The Big Four recruit

Ireland’s strengthening economy is converting into increased demand for both qualified and trainee accountants. According to specialist accounting recruitment practice Barden, demand rose by a third last year as both foreign direct investors and SMEs sought experienced professionals. The Big Four are also recruiting heavily, especially because three of them – Deloitte, EY and PwC – have established new hubs in Belfast to support global activities.

Paul Vance, head of recruitment at KPMG in Ireland – which has 1,900 people in the two jurisdictions – says: “In both the Republic of Ireland and Northern Ireland we’re seeing an improving economy result in increased demand for our services and that’s reflected in our own recruitment plans. We’re the largest private sector recruiter of graduates in Ireland so in many ways we act as a bell weather for the wider economy.”

“We’re not under any illusions – good people have choices in terms of career, choices within the accounting profession and of course many choices as to where in the world they go – so we have to be as attractive as possible. For most hires this ends up being a combination of remuneration, the range of client opportunities, training and career progression. For graduates – a firm’s track record of success in professional exams is also a consideration.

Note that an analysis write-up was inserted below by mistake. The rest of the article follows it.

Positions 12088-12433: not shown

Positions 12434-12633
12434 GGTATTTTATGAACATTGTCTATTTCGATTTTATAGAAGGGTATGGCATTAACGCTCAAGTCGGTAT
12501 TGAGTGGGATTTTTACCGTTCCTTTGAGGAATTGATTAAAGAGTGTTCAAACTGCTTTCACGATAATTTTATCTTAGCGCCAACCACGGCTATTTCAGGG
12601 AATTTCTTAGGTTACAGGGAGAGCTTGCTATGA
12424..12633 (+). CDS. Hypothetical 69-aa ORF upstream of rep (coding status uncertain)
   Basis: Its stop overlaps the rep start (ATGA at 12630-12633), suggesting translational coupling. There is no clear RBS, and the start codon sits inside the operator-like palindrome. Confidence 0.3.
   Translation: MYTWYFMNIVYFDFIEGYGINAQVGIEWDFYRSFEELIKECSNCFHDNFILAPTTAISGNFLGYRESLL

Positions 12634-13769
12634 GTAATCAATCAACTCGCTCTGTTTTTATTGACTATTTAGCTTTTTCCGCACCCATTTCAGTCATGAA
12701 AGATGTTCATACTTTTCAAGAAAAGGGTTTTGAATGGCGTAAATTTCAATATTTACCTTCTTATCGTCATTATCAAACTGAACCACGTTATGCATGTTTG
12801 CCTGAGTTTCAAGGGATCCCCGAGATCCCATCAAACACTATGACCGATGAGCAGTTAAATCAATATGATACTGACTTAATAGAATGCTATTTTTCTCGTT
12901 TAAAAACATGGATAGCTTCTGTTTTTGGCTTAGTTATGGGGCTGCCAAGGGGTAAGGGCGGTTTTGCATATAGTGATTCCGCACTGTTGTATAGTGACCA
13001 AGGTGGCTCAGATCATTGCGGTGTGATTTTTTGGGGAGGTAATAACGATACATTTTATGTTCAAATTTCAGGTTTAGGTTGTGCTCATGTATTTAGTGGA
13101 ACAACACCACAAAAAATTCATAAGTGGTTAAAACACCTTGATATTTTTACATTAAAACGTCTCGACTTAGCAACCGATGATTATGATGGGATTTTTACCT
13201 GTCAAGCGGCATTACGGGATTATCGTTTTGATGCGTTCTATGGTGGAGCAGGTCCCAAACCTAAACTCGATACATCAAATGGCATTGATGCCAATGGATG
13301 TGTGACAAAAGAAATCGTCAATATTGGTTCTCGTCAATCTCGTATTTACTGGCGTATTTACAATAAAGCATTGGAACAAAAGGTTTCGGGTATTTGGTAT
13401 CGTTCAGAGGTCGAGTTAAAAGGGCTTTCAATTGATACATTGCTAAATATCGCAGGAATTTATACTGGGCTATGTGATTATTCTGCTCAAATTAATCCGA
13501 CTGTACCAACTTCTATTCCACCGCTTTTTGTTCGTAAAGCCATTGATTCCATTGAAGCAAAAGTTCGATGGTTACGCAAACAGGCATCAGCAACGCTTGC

“Our recruitment model at all levels is a mixture of direct application and some agency engagement – it varies widely depending on the role and the type of candidate we’re looking for.”

In addition, KPMG is targeting qualified accountants who left the country during the recession, but are now interested in returning home. Vance explains: “The good news is that Ireland is seen as being an attractive place to live and work. We’re certainly meeting some people who have worked and travelled abroad and see that the economy North and South is providing better opportunities and we aim to tap in to that vastly improved sentiment.”

PwC is, by some way, the Big Four firm with the largest presence in Ireland. Currently its staffing, South and North, is 2,843, up slightly from 2,806 last year. About 1,200 of these are based in Northern Ireland, following a substantial expansion (see box). PwC is currently undertaking a big recruitment process for its Belfast operations, while also continuing its steady recruitment in the Republic.

A spokeswoman for PwC says: “We haven’t changed our recruitment approach. We held our graduate recruitment numbers right through the recession. If we have stopped recruiting graduates we would have damaged ourselves for the future. We are recruiting 250 graduates a year in the South, plus some 50 or so who are professionally qualified.

“Graduate recruitment is a process that kick-starts into play at the end of August, beginning of September. We go out to colleges, interview people, then give them presentations. It is a long process of getting to know them. It is based on their qualifications, background, and how well they present themselves at interview. Their presentation skills are especially important at the moment.